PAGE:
Attrition: The Chronic Indian Officer Shortage


May 31, 2006: India has, since it became independent in 1947, maintained high standards for its army officers. This was a tradition inherited from the British, who demonstrated how important it was to have well trained and professional officers running the armed forces. But a booming economy, and plenty of jobs for university graduates, has proved too much for army recruiters. Being an army officer is a tough job, and there are so many more attractive (and better paying) alternatives available.

As a result, the army currently has 11,256 officer positions unfilled. That's 27 percent of the officers in the rank of Lieutenant Colonel and below. That puts a higher workload on other officers, and the NCOs that often substitute for the missing officers. This higher work load does not make for positive word-of-mouth. Even the children of current officers are seeking careers elsewhere. Better pay and benefits would be a big help, but the military doesn't have the money for that. So a new marketing campaign is being ordered up, one that will appeal to patriotism and other intangibles. This is unlikely to work, as Indian public opinion believes that, since India has nuclear weapons, there is little danger of invasion. The only real enemy on India's borders is Pakistan, which has been defeated by the Indian army four times in the past fifty years.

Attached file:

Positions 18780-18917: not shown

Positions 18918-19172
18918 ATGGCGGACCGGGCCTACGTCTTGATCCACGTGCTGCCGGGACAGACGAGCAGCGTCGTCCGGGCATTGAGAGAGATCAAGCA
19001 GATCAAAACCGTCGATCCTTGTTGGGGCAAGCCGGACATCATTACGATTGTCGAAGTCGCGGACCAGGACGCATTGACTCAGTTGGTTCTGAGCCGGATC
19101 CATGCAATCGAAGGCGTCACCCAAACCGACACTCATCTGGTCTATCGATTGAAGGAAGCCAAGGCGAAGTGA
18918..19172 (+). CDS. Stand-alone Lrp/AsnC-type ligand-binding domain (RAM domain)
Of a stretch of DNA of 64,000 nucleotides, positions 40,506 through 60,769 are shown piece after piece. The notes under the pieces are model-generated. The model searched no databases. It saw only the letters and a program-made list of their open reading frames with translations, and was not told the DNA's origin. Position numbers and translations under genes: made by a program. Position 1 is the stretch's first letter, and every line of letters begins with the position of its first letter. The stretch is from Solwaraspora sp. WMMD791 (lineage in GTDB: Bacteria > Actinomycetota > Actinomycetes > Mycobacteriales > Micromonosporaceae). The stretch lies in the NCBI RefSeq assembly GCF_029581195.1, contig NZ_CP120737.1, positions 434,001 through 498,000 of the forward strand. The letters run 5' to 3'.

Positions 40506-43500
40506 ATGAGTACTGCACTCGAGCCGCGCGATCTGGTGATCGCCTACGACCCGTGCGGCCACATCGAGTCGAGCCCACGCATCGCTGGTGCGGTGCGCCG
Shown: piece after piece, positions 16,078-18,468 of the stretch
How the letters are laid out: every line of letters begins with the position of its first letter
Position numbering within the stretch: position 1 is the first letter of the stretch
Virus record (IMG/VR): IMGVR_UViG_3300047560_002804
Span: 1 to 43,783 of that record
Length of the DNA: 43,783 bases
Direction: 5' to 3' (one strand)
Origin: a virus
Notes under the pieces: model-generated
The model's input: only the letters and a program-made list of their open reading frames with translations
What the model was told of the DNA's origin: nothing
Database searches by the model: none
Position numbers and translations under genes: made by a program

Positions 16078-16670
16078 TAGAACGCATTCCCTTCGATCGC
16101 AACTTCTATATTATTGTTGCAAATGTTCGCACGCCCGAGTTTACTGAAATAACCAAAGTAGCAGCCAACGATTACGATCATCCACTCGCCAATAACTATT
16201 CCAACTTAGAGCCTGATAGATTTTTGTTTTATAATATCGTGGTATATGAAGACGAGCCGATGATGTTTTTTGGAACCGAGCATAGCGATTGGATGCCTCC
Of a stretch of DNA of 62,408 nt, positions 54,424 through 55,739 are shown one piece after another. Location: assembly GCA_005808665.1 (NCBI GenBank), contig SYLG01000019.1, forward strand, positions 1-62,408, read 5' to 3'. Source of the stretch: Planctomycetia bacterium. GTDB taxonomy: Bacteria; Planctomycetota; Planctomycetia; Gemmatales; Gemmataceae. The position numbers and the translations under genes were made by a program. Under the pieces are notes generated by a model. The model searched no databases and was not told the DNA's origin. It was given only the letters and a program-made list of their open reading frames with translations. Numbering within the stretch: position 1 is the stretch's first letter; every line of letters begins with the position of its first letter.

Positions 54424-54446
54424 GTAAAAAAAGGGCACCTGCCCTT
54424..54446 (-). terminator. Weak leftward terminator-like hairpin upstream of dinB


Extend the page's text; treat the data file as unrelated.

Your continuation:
Article Archive

Attrition: Current 2021 2020 2019 2018 2017 2016 2015 2014 2013 2012 2011 2010 2009 2008 2007 2006 2005 2004 2003 2002 2001 2000 1999 



Help Keep Us Soaring

We need your help! Our subscription base has slowly been dwindling. We need your help in reversing that trend. We would like to add 20 new subscribers this month.

Each month we count on your subscriptions or contributions. You can support us in the following ways:

  1. Make sure you spread the word about us. Two ways to do that are to like us on Facebook and follow us on Twitter.
  2. Subscribe to our daily newsletter. We’ll send the news to your email box, and you don’t have to come to the site unless you want to read columns or see photos.
  3. You can contribute to the health of StrategyPage. A contribution is not a donation that you can deduct at tax time, but a form of crowdfunding. We store none of your information when you contribute..
Subscribe   Contribute   Close